Remarkable Ohio

Results for: shelters
6123 St Rt 350

, OH

During the Great Depression of the 1930s, the federal government established the Civilian Conservation Corps, known as the CCC or triple C’s under the direction of President Franklin D. Roosevelt’s New Deal program. Nearly three and a half million men between the ages of 18-25 were employed throughout the nine-year program and worked on projects that included road construction, flood control, reforestation, and soil erosion prevention and creating state and local parks. The CCC had other names like “Roosevelt’s Tree Army,” “Tree Troopers,” and “Soil Soldiers.” CCC workers were paid $30 a month for a forty-hour workweek, with $25 of the salary being sent back to the workers’ homes. The CCC remained in effect until 1942 after the Great Depression had ended and unemployment was down due to the creation of jobs associated with World War II.

Park at McManness Avenue and Clinton Court

, OH

One of the earliest and largest amusement parks in Northwest Ohio dedicated in 1906 on site of old waterworks. Trains brought visitors from as far away as Cleveland. 1907: Dance Pavilion and 2,000 seat auditorium built. 1908: Bathing beach made in old reservoir. 1925: Green Mill Dance Hall built on side near dam. Big name bands highlight entertainment. 1936: Shelters, band shell, and pool bath house made from bricks of old waterworks. 1978: Renovation of waterfront begins new era.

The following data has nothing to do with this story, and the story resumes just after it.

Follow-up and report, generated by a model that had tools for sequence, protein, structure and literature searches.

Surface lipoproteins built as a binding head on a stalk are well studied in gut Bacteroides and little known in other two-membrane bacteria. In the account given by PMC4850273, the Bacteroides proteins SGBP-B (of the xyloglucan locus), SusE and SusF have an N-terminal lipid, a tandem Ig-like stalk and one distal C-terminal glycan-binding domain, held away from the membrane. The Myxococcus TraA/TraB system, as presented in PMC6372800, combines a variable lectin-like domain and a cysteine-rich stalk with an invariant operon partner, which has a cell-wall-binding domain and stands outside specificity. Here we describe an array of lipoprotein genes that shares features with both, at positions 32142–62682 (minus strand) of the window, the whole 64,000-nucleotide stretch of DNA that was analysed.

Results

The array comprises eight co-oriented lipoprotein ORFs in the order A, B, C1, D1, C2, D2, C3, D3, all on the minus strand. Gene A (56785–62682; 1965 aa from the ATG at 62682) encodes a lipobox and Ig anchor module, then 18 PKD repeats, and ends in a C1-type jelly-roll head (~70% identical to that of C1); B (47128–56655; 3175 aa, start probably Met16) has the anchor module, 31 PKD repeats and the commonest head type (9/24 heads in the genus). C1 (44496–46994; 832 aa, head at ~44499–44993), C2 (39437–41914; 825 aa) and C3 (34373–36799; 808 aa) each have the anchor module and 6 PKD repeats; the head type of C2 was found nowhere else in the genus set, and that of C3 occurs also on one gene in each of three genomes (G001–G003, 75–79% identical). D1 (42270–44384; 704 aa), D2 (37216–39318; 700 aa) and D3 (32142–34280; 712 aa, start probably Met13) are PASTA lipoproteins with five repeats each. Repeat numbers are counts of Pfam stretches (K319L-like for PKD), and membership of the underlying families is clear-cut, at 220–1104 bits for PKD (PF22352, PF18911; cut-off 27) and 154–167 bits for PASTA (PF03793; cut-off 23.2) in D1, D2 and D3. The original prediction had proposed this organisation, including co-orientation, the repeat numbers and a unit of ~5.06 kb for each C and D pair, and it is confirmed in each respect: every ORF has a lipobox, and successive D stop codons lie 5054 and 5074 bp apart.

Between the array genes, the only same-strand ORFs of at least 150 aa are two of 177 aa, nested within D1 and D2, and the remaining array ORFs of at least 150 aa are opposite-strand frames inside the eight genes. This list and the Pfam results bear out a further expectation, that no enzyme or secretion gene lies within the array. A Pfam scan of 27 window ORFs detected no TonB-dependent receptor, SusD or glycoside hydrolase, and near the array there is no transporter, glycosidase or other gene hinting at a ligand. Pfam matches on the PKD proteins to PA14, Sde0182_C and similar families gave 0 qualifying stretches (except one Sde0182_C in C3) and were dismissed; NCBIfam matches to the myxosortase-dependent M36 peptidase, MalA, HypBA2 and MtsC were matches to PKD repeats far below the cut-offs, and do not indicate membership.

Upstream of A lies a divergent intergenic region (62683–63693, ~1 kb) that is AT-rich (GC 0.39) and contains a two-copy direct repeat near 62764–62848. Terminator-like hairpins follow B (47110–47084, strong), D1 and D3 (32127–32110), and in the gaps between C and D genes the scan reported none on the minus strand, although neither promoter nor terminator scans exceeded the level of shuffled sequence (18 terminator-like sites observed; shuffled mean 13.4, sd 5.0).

SE corner of E Broadway and S Main Street

, OH

In 1804 a group of neighbors in Granville, Massachusetts and Granby, Connecticut formed The Licking Company for the purpose of moving to “Newlands” in Ohio. Inspired and informed by the settlement of Worthington in 1803, the Company purchased 29,040 acres in the U.S. Military District. Advance parties surveyed and mapped a site, established a mill, and planted grain. The Company planned a public square, a school, library, quarry, burying ground, and property for the support of churches. In November and December 1805, some 150 emigrants in ox-drawn wagons arrived in their new home and built temporary shelters on the designated public square. On December 9 through 12 1805, Company members selected their Granville lots in an auction that was described as peaceable and honest.